Coffee shop chain recalls solar eclipse glasses over safety fears

Safety concerns have prompted a recall of solar eclipse glasses given away at Dutch Bros Coffee stands.

“If you received a pair of these glasses, do not use them to view the eclipse,” the company said in a statement announcing the voluntary recall.

The moon’s shadow will block the sun from view in a total solar eclipse over the United States Monday. Optometrists warn that looking directly at the sun with the naked eye during the eclipse could cause blindness. Glasses meeting an international safety regulation are recommended to protect eyesight.

Dutch Bros said it had purchased its giveaway glasses after receiving certification of ISO compliance from the manufacturer.

“Further investigation has led us to question this certification. Your safety is of the utmost importance to us, so we are issuing this voluntary recall,” it said. “Please return these glasses to the Dutch Bros Coffee location where you received them for a free drink of your choice–any drink, any size. We apologize for your inconvenience.”

CNN has reached out to the coffee company to see how many pairs of glasses were distributed. The chain has more than 260 locations across seven states. The statement didn’t say where the glasses were given out.

The American Astrological Society earlier warned that unsafe eclipse glasses bearing the ISO logo and certification label had been flooding the market and that websites were also displaying false results that claim to show positive test results for glasses they sell.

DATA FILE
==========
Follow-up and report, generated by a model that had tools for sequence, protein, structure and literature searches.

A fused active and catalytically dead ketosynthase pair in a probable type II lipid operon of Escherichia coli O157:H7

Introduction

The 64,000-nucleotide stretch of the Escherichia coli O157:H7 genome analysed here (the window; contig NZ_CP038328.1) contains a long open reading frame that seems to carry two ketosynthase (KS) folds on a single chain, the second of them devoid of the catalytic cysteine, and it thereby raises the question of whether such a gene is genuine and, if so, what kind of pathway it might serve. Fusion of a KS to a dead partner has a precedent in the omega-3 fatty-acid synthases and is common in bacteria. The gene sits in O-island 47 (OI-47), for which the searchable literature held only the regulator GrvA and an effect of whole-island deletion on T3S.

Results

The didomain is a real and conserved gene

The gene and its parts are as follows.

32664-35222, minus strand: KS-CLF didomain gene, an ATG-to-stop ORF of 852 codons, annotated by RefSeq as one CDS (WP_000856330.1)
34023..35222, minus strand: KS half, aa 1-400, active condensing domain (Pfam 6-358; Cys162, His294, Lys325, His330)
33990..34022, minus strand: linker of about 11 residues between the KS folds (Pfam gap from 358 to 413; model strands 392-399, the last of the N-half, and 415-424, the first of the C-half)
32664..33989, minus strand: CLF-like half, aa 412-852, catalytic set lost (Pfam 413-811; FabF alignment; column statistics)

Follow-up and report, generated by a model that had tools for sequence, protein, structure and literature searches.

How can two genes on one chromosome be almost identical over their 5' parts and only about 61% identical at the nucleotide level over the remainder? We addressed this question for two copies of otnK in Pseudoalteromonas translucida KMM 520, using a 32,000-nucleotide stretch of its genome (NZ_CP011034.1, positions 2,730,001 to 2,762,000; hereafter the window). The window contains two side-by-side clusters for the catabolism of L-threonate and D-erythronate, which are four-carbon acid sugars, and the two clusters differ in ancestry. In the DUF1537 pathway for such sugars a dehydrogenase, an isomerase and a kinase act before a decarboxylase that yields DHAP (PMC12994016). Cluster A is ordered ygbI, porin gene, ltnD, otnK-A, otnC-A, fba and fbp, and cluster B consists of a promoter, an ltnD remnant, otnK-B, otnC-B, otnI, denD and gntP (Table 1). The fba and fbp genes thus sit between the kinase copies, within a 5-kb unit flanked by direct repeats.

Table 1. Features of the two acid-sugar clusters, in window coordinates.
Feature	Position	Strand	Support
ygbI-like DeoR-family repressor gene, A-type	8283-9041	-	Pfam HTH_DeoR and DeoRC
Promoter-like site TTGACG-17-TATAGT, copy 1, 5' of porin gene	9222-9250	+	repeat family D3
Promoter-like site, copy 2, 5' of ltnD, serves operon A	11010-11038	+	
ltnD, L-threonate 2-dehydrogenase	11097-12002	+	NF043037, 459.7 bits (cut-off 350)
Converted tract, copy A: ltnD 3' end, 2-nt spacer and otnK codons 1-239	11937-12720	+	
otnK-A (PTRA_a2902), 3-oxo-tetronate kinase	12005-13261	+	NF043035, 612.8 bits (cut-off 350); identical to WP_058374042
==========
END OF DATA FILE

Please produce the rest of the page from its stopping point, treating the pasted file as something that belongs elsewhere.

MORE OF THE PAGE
Glasses certified by the ISO as safe for viewing the eclipse have filters about 100,000 times darker than ordinary sunglasses, according to the society.

“The only way you can be sure your solar viewer is safe is to verify that it comes from a reputable manufacturer or one of their authorized dealers,” it said in a release. The organization has a list it keeps updated.

Looking directly at the powerful brightness of the sun can cause damage to the retina, the light-sensitive part of the eye.

“When you look directly at the sun, the intensity of the light and the focus of the light is so great on the retina that it can cook it,” said Dr. Christopher Quinn, president of the American Optometric Association. “If the exposure is great enough, that can and will lead to permanent reduction in vision and even blindness.”

To test for safety, the only thing you can see through a safe solar filter is the sun itself. If you look through and the sun is too bright, out of focus or surrounded by a murky haze, or if you can see things like ordinary household lights, the glasses aren’t safe.